The principals in a business corporation can make part of their investment in the corporation in the form of loans, and they can defer decision on this until after incorporation. They must, however, make some part of their investment in the form of an ownership or share interest, and they must provide for this in their articles of incorporation. For Washington corporations the choice of these provisions is needlessly complicated by the existing Business Corporation Act. And no improvement is in sight under the American Bar Association- American Law Institute Model Business Corporation Act (hereinafter, "Model Act") which is being proposed for enactment to replace the present act. One purpose of this article is to discuss the choice of an appropriate share structure under both the existing Washington statutes and the proposed Model Act, with a view toward minimizing filing and license fees, and possibly lawyers' fees. This involves a consideration of the classes (if any), kinds (par and no par) and number of shares to be authorized in the articles of incorporation, and the choice of that important amount which is now called "capital stock" and which the Model Act would call "stated capital." Another purpose of this article is to suggest improvements in the present business corporation statutes (and the Model Act, if it should be adopted) by abolishing the term par value and the confusing and useless provisions for "capital stock" and "paid-in capital," and by changing the method of fixing the state's filing and license fees.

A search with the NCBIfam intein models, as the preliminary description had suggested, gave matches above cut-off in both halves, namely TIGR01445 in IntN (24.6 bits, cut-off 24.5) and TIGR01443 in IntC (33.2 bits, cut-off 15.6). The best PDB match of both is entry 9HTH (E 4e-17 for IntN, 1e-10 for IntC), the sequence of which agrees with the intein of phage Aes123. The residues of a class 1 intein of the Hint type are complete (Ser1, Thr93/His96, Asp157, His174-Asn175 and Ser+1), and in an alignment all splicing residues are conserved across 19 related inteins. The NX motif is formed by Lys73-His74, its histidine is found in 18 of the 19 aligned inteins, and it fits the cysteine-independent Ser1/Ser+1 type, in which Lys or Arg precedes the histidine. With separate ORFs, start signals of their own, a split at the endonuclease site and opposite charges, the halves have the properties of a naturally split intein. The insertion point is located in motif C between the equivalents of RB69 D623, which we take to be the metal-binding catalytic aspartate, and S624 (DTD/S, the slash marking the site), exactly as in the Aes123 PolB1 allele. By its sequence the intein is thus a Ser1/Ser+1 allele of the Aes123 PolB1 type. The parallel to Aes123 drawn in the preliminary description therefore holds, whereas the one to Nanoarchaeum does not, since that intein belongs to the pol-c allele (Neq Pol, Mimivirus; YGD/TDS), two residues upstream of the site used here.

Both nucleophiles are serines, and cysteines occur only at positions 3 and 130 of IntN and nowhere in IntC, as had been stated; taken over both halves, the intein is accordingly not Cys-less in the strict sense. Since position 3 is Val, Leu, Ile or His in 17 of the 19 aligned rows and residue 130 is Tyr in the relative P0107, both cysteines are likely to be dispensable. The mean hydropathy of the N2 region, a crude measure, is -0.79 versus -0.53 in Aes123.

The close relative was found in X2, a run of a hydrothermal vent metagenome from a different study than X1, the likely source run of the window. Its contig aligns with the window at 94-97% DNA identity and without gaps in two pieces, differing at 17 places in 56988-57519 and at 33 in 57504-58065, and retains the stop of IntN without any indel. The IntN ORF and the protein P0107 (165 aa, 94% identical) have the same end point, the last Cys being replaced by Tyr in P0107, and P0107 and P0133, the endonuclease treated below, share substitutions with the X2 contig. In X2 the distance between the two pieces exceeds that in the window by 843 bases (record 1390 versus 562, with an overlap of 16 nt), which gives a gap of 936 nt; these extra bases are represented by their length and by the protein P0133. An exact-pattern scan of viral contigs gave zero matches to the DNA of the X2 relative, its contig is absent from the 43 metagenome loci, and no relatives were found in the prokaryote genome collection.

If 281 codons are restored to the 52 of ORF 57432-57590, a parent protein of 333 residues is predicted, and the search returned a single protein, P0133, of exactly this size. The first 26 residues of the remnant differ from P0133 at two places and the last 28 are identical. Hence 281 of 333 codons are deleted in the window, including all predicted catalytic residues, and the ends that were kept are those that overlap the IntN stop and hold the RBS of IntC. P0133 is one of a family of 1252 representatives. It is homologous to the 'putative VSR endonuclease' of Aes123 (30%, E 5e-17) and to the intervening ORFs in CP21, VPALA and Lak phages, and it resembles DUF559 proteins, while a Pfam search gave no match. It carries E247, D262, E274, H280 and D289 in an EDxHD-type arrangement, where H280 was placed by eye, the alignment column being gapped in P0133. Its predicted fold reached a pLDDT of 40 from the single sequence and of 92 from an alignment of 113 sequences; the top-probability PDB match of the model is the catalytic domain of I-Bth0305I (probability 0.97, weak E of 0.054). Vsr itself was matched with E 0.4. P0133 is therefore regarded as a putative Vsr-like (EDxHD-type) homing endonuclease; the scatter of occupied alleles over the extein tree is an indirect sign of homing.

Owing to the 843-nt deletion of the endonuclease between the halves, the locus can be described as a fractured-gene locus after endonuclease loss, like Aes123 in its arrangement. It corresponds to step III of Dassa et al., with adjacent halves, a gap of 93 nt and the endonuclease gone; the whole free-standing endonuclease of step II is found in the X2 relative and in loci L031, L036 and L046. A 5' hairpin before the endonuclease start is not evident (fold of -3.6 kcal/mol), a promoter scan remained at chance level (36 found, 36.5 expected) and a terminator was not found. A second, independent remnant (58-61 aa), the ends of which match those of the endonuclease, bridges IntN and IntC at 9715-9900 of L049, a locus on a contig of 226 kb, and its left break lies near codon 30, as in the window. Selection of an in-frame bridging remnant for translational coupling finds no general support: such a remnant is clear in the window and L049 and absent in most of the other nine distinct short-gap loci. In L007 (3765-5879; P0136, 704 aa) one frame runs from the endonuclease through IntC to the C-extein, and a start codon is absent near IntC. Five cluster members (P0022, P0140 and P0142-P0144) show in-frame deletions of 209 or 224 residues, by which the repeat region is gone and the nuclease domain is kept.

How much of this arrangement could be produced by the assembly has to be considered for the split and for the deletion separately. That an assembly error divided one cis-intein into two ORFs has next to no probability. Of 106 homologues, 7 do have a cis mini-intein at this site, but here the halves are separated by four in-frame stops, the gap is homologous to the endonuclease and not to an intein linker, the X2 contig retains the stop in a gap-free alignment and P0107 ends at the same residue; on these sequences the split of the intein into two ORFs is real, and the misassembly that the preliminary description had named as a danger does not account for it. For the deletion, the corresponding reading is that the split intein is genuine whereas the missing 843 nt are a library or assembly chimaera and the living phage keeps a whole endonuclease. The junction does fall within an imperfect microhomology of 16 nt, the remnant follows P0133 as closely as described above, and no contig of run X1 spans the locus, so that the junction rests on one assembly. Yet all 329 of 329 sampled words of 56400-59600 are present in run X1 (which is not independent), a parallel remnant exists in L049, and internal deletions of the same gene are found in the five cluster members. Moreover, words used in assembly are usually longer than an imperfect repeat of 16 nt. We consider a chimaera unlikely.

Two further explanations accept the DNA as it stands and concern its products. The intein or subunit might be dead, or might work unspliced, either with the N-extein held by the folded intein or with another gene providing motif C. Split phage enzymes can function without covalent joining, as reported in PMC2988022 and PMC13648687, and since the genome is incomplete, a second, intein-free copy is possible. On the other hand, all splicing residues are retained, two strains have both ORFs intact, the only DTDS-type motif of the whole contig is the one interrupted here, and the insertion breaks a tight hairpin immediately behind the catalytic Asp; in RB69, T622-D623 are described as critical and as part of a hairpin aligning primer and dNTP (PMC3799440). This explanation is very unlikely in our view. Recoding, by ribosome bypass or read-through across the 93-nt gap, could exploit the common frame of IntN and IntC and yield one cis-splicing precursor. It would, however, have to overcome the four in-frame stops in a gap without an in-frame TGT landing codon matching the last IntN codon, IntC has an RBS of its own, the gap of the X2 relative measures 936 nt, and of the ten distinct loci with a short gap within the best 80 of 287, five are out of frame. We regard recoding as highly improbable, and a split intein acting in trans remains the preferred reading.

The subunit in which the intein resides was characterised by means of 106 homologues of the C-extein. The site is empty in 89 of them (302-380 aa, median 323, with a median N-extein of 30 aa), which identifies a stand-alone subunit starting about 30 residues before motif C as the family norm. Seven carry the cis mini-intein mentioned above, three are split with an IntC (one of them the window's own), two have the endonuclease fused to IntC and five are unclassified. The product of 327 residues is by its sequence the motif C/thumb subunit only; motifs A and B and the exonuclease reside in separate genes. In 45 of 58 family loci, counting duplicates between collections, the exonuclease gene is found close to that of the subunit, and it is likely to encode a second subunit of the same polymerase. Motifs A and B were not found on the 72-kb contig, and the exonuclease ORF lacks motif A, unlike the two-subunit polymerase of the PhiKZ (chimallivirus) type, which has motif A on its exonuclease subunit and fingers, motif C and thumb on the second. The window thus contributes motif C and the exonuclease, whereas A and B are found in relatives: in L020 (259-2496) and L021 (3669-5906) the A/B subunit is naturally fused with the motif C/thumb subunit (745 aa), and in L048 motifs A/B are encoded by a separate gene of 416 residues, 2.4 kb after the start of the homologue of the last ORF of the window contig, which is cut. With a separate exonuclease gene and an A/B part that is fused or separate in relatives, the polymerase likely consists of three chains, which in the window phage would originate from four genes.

Douglas S. Palmer,
Choosing the Share Structure of a Washington Business Corporation,
Wash. L. & Rev.
Available at: https://digitalcommons.law.uw.edu/wlr/vol37/iss4/5